37, side 1 495: TRIPS BACK TO NORWAY
Great thrill. Keeps in touch with relatives. (see counter I-290, I-519)
37, side 1 504: IMPORTANCE NORWEGIAN HERITAGE
Proud and thankful.
37, side 1 519: FAMILY REUNION DRAMMEN
Once when visiting (see counter I-290, I-495).
37, side 1 527: KEEPSAKES
"Not so much" should have done more.
37, side 2 083/09: SPEAKING NORWEGIAN
Children don't speak it, during time of war patriotic to speak English. America, good to him always felt welcome.
37, side 2 120: WHAT STANDS OUT IN NORWAY
Drammen very fine town. People are good. Family spirit. Church life in Norway.
37, side 2 134: QUOTES NORWEGIAN TABLE PRAYER
Before and after.
37, side 2 165/10: LIFE AS A PASTOR
Live close to God. Fighting evil, work towards the good. Growing in knowledge.
37, side 2 187: PASTOR WANGEN
Oldest Norwegian Lutheran pastor since 1920. His background, caretaker at PLU (see counter I-333, I-383, II-276).
37, side 2 224: NORWEGIAN IMMIGRANTS
Accepted life as it was, did not demand favors. Thankful for his life.
37, side 2 276/11: Q CLUB (PLU)
Received plaque 1976 for his interest shown to PLU (see counter I-333, I-383, II-187).
37, side 2 292: CHURCH CONVENTIONS
Minneapolis asked to conduct Norwegian Service. Pastor Bergesen attended.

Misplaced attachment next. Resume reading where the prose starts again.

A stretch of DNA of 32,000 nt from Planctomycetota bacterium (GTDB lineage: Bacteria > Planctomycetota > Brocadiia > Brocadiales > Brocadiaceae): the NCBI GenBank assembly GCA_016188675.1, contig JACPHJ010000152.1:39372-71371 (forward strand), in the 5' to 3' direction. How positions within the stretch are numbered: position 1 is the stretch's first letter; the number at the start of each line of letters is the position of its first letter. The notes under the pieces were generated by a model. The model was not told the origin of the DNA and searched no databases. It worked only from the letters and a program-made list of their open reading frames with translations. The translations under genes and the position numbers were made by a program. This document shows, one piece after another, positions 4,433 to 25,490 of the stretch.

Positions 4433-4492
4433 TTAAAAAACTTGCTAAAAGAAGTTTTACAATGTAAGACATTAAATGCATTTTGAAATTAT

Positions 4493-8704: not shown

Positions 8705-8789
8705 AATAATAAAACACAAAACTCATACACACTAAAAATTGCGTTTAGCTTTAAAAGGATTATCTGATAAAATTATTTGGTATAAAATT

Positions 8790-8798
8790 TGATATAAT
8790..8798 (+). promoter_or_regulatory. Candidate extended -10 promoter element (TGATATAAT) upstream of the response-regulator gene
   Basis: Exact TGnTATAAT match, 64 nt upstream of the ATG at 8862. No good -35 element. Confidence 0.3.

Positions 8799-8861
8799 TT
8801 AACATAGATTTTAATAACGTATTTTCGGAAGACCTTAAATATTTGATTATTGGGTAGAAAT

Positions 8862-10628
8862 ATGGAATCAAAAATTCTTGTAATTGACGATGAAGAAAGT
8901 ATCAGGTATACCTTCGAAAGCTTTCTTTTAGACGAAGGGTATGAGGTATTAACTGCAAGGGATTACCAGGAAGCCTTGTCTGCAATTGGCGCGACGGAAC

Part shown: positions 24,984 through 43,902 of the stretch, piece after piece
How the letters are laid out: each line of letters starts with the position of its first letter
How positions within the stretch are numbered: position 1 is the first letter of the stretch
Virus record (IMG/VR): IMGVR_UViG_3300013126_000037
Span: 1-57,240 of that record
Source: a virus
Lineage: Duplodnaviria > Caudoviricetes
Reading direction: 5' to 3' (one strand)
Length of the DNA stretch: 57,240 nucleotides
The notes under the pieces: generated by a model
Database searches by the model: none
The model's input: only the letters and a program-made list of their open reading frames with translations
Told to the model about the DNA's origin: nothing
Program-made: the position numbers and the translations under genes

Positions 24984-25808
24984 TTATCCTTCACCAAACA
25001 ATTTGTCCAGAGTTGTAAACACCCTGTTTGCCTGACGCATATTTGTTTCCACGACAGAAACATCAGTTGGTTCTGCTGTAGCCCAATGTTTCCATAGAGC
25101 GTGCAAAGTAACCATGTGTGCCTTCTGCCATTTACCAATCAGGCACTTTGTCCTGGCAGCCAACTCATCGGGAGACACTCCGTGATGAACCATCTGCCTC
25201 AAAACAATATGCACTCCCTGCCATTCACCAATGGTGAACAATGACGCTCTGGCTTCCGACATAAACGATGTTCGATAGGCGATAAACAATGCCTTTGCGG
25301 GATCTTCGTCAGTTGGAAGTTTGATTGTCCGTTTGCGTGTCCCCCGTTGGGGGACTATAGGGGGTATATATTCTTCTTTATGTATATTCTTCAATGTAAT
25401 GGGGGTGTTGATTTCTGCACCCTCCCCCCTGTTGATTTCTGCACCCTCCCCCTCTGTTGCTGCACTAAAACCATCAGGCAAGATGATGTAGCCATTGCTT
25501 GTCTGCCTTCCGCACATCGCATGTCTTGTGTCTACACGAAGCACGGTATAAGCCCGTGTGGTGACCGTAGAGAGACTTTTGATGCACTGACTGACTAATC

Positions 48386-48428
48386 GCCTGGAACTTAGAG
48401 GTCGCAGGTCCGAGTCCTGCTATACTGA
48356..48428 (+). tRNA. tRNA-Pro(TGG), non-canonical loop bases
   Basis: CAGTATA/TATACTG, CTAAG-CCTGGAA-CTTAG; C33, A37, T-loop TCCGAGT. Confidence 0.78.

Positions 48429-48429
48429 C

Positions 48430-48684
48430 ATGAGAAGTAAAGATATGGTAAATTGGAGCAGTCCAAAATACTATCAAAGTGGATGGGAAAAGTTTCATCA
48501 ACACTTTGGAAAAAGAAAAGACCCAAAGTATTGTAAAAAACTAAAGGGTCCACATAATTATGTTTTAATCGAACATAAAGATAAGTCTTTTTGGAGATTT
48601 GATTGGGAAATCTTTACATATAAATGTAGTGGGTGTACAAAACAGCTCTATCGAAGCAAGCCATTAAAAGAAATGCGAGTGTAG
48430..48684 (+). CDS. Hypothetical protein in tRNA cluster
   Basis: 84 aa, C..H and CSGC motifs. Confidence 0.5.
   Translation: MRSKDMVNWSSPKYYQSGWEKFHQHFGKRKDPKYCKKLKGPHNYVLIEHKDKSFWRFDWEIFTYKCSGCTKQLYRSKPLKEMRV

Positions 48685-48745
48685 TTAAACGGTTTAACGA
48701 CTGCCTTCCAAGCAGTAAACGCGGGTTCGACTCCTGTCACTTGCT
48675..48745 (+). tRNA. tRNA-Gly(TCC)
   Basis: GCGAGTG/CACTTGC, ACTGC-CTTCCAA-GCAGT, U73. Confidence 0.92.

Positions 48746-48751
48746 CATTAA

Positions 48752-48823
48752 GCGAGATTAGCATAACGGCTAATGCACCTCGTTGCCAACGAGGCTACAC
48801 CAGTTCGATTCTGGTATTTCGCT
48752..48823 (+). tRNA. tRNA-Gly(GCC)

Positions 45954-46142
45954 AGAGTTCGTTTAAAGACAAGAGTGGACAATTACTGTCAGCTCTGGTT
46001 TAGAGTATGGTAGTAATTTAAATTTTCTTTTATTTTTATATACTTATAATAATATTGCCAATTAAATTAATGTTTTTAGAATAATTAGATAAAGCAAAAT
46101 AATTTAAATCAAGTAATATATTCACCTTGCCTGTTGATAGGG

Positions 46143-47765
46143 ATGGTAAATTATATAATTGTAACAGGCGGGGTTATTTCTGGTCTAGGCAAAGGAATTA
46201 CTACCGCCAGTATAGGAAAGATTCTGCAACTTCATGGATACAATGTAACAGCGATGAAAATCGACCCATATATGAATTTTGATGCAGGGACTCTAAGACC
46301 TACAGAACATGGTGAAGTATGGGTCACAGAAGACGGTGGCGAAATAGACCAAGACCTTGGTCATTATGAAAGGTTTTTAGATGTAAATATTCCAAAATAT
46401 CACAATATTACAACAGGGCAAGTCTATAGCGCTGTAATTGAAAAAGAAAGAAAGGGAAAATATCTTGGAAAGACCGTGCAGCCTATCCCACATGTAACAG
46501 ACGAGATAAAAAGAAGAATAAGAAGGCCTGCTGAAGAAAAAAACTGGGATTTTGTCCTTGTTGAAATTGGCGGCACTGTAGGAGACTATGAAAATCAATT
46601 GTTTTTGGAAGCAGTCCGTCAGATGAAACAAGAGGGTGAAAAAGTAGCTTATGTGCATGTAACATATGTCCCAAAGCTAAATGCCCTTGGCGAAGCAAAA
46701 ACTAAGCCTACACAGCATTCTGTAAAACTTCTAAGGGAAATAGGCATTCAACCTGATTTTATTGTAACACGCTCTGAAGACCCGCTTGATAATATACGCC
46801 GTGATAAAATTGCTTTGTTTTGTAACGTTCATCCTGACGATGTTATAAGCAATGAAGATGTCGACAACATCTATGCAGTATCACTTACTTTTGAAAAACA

Names and SubjectsReturn to Top

  • Subject Terms :
  • Emigration and immigration
  • Family--Norway
  • Naturalization
  • Norway--Social conditions--1945-
  • Norwegian-Americans--Northwest, Pacific--Interviews
  • Norwegian-Americans--Social life and customs
  • Personal Names :
  • Gulhaugen, Theodore Rev.--Interviews (creator)
  • Gulhaugen, Elaine
  • Gulhaugen, Kathy
  • Gulhaugen, Rumar
  • Gulhaugen, Theodora
  • Pastor Bergesen
  • Wangen, Pastor
  • Christensen, Gertrude
  • Gulhaugen, Andres
  • Gulhaugen, Grace
  • Gulhaugen, Josephine
  • Gulhaugen, Martin
  • Corporate Names :
  • Gloria Dei Lutheran Church (Tacoma, Wash.)
  • Pacific Lutheran University
  • Trinity Lutheran Church (Tacoma, Wash.)
  • Family Names :
  • Christensen family
  • Gulhaugen family
  • Geographical Names :
  • Astoria (Or.)
  • Cathlamet (Wash.)
  • Drammen (Norway)
  • Grand View (Wash.)
  • Kennewick (Wash.)
  • New Westminster (B.C.)
  • Pasco (Wash.)
  • Sacramento (Calif.)
  • Seattle (Wash.)
  • South Bend (Wash.)
  • Yakima (Wash.)
  • Form or Genre Terms :
  • Oral histories
  • Occupations :
  • Clergy